Paul addresses this first letter to the church in Corinth to the “saints.” He writes for the people who have been set apart as God’s people by their baptism. But when Paul begins the letter with thanksgiving, it’s not for their holiness or their good deeds. In fact, it’s not about anything they’ve done. Paul is thankful for what God is doing in the people of Corinth, how God has made them rich in spiritual gifts and spiritual knowledge. They have everything they need to stand firm in their faith and be blameless in their testimony and conduct until “the day of our Lord Jesus Christ.” God has called them, and God is faithful.
Have you ever seen a church like that? Where everyone is Spirit-gifted, filled with wisdom, and blameless? I’ve known some individuals who seem to meet such a description, but I know I fall short. Even among the folks in Corinth, despite all that God is doing in their lives, Paul complains a lot about divisions, lawsuits, sexual immorality, and spiritual one-upmanship. It’s almost as if God continues to pour out gifts on them, but some of them have put up umbrellas to keep dry. There are legends about mass baptisms where armies marched through a blessed river but held their swords out of the water because they still had to fight and kill.
We still try to ignore any spiritual gifts or fruits we find inconvenient. I once bought a banner headed “Ingredients for a Happy Home.” Below that title was the list of the fruit of the Spirit from Galatians 5:22-23, all except for the last one: self-control. Apparently whoever made the banner thought that one wasn’t really needed for domestic bliss.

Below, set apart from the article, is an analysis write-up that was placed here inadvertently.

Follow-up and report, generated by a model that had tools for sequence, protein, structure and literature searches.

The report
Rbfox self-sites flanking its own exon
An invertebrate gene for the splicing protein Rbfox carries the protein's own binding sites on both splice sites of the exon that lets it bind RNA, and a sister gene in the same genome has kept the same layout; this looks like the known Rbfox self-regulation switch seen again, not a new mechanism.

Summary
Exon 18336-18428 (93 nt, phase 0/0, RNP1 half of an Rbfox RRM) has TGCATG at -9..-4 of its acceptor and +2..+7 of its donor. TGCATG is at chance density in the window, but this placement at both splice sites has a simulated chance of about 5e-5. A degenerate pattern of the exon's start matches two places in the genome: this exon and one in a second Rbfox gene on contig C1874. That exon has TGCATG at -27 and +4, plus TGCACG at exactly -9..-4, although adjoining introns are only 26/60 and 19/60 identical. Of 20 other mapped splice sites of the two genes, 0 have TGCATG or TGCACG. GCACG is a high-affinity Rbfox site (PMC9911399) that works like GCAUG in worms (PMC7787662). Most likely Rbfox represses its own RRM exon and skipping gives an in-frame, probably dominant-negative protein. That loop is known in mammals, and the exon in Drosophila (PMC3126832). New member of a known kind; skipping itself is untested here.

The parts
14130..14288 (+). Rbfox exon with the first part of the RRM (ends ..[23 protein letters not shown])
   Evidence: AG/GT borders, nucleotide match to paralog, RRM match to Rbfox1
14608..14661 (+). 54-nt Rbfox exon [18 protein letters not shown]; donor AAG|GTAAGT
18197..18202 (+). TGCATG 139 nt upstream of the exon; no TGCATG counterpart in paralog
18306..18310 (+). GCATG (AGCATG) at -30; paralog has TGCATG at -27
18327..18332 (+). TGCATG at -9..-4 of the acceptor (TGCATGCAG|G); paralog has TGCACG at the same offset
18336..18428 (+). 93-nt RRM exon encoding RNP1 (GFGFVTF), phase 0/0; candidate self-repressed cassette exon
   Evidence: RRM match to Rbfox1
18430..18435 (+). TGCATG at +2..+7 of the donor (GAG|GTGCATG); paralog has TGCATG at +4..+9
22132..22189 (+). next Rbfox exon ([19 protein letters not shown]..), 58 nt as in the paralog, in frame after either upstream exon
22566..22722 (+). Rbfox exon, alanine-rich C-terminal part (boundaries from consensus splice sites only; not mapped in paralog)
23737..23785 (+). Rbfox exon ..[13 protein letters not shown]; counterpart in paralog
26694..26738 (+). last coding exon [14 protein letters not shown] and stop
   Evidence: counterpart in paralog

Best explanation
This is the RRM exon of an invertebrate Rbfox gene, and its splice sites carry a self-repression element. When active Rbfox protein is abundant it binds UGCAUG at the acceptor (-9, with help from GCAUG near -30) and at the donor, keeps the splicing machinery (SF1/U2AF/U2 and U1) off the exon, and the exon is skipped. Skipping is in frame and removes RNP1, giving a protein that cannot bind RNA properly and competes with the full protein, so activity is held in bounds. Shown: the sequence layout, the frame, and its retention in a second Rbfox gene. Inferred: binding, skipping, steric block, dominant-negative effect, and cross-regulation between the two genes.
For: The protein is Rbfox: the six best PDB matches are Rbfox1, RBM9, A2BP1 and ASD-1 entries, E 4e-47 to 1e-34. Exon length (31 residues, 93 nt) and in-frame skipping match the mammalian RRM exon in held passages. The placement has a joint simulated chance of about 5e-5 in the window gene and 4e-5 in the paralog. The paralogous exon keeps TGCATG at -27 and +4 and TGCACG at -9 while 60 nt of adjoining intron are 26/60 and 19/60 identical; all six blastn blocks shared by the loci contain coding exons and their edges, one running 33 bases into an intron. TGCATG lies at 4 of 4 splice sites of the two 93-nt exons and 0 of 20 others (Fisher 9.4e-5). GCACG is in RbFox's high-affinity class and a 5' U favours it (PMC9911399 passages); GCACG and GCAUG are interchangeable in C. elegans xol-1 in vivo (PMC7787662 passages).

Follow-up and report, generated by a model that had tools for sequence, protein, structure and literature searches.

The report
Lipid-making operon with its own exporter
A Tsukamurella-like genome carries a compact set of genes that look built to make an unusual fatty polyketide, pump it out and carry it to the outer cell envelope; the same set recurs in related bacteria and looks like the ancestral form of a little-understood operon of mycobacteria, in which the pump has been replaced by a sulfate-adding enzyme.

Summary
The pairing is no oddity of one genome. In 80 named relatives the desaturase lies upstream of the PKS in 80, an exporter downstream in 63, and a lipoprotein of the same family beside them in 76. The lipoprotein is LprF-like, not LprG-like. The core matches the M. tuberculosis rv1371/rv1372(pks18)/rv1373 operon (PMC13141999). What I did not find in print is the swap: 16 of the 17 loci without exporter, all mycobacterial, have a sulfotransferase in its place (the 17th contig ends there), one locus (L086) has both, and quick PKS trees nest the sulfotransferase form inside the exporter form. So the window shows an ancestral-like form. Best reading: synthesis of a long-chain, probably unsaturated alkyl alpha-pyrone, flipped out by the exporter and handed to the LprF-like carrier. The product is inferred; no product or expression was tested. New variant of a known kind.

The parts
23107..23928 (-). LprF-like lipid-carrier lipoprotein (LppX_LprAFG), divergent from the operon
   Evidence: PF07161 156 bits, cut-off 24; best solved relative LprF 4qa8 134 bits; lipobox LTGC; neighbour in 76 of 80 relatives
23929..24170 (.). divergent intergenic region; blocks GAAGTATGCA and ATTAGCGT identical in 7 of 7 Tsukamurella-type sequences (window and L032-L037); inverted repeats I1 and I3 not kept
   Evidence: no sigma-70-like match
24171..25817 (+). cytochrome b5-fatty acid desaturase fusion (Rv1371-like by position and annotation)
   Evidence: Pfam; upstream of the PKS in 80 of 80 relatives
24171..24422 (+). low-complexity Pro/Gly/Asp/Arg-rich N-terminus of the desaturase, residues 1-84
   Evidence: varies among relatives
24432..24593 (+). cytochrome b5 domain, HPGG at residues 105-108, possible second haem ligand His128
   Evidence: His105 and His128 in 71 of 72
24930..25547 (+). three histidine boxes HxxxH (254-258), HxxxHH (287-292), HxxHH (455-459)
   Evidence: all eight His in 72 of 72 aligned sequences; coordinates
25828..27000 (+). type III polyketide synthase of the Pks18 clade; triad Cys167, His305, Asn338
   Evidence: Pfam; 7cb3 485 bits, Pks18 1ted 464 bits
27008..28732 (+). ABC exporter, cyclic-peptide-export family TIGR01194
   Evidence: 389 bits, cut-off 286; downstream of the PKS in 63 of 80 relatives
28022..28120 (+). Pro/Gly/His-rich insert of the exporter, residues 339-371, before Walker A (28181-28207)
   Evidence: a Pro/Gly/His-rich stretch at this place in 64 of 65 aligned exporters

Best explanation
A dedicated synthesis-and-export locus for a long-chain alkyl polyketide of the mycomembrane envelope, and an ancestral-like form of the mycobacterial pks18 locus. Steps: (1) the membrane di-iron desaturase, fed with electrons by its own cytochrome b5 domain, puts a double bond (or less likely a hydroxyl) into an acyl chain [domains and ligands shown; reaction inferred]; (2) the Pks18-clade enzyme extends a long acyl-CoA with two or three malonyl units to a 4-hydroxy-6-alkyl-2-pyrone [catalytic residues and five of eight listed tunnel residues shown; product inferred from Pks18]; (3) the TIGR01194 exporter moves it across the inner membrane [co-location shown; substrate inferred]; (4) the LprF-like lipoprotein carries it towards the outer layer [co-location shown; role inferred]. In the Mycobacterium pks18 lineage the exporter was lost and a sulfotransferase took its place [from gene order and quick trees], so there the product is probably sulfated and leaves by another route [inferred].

Holy Spirit, keep on pouring your grace on us. Give us the courage to accept your gifts and to bear your fruit. Amen.
The readings from the Hebrew scriptures have a common theme: The people have sinned and turned away from God, and now they cry out for God to forgive them. Even though they have created the separation from God, the authors are confident that God will restore them. These images of longing for God are appropriate as we begin the season of Advent, and the expressions of thankfulness coincide with the celebration of Thanksgiving in the United States. Paul opens First Corinthians with thanksgiving for the Christians in Corinth. They have been richly blessed by God (although the rest of the letter shows that they, like us, are far from perfect). Again this week, the Gospel reading refers to the return of Christ, a day known only to God.
Read Isaiah 64:1-9. When have you treated God as a vending machine and held a grudge against God? What restored your faith or changed your perspective?
Read Psalm 80:1-7, 17-19. When have you been frustrated by others’ praises of God’s blessings? When have you cried out to God, “Restore us”?
Read 1 Corinthians 1:3-9. How do you ignore your spiritual gifts? What might your faith community look like if everyone employed their spiritual gifts?
Read Mark 13:24-37. What is your job in the household of God? How do you stay alert?
Respond by posting a prayer.